The geometry of a moth’s eye provides inspiration for a 3D printed antenna that absorbs specific microwave frequencies from any direction

Metamaterials extend the capabilities of conventional materials in devices by making use of geometric features arranged in repeating patterns at scales smaller than the wavelengths of energy being detected or influenced. New developments in 3D printing technology are making it possible to create many more shapes and patterns of metamaterials, and at ever smaller scales. In the study, researchers at the Nano Lab at Tufts describe a hybrid fabrication approach using 3D printing, metal coating and etching to create metamaterials with complex geometries and novel functionalities for wavelengths in the microwave range. For example, they created an array of tiny mushroom shaped structures, each holding a small patterned metal resonator at the top of a stalk. This particular arrangement permits microwaves of specific frequencies to be absorbed, depending on the chosen geometry of the “mushrooms” and their spacing. Use of such metamaterials could be valuable in applications such as sensors in medical diagnosis and as antennas in telecommunications or detectors in imaging applications.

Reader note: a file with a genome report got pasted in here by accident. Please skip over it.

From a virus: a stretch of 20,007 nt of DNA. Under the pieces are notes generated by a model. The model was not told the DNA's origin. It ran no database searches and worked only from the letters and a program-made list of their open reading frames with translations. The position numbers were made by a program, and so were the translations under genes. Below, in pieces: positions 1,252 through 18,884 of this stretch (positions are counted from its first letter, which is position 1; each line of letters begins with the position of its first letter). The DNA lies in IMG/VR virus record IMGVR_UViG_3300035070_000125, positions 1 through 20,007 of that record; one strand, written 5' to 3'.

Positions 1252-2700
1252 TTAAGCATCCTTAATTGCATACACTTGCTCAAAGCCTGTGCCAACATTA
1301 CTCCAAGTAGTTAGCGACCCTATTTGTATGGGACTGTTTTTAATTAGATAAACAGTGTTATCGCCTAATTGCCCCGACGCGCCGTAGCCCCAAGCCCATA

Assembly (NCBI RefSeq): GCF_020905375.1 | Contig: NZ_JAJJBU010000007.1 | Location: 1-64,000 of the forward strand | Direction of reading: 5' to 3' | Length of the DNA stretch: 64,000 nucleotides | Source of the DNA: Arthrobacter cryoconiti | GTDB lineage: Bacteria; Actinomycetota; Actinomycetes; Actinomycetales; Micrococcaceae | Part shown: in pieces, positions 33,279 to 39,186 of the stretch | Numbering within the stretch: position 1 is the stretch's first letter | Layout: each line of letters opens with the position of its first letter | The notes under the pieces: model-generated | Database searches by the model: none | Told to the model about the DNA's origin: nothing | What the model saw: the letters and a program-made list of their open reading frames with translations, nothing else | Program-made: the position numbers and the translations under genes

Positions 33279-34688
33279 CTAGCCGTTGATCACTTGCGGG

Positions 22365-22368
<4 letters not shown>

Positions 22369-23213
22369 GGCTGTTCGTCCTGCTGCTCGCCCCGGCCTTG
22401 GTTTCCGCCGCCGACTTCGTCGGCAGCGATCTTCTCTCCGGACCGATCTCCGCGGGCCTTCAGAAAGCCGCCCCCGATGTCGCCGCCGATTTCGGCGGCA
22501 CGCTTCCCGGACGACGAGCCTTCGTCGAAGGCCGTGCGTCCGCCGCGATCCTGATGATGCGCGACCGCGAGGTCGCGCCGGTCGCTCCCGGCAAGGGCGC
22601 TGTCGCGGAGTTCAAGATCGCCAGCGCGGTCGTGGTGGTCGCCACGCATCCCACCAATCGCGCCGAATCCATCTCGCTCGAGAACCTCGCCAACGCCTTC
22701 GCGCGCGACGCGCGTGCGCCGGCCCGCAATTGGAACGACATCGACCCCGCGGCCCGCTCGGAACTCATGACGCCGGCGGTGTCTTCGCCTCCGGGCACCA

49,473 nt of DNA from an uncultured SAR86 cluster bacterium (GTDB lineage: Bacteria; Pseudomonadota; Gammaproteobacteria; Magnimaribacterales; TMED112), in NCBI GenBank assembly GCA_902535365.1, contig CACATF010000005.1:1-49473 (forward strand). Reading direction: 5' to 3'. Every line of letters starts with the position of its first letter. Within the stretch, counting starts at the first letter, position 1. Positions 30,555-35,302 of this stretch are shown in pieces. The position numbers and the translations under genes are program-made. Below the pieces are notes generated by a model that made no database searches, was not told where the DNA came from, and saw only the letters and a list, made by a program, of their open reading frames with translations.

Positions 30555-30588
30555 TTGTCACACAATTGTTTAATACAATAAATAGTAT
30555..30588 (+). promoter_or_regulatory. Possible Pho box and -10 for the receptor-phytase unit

The research has been published in the journal Microsystems & Nanoengineering (Springer Nature).

Source: https://now.tufts.edu/

How To Arrange Nanoparticules With a Vinaigrette

Materials scientists at Duke University have theorized a new “oil-and-vinegar” approach to engineering self-assembling materials of unusual architectures made out of spherical nanoparticles. The resulting structures could prove useful to applications in optics, plasmonics, electronics and multi-stage chemical catalysis. Left to their own tendencies, a system of suspended spherical nanoparticles designed to clump together will try to maximize their points of contact by packing themselves as tightly as possible. This results in the formation of either random clusters or a three-dimensional, crystalline structure.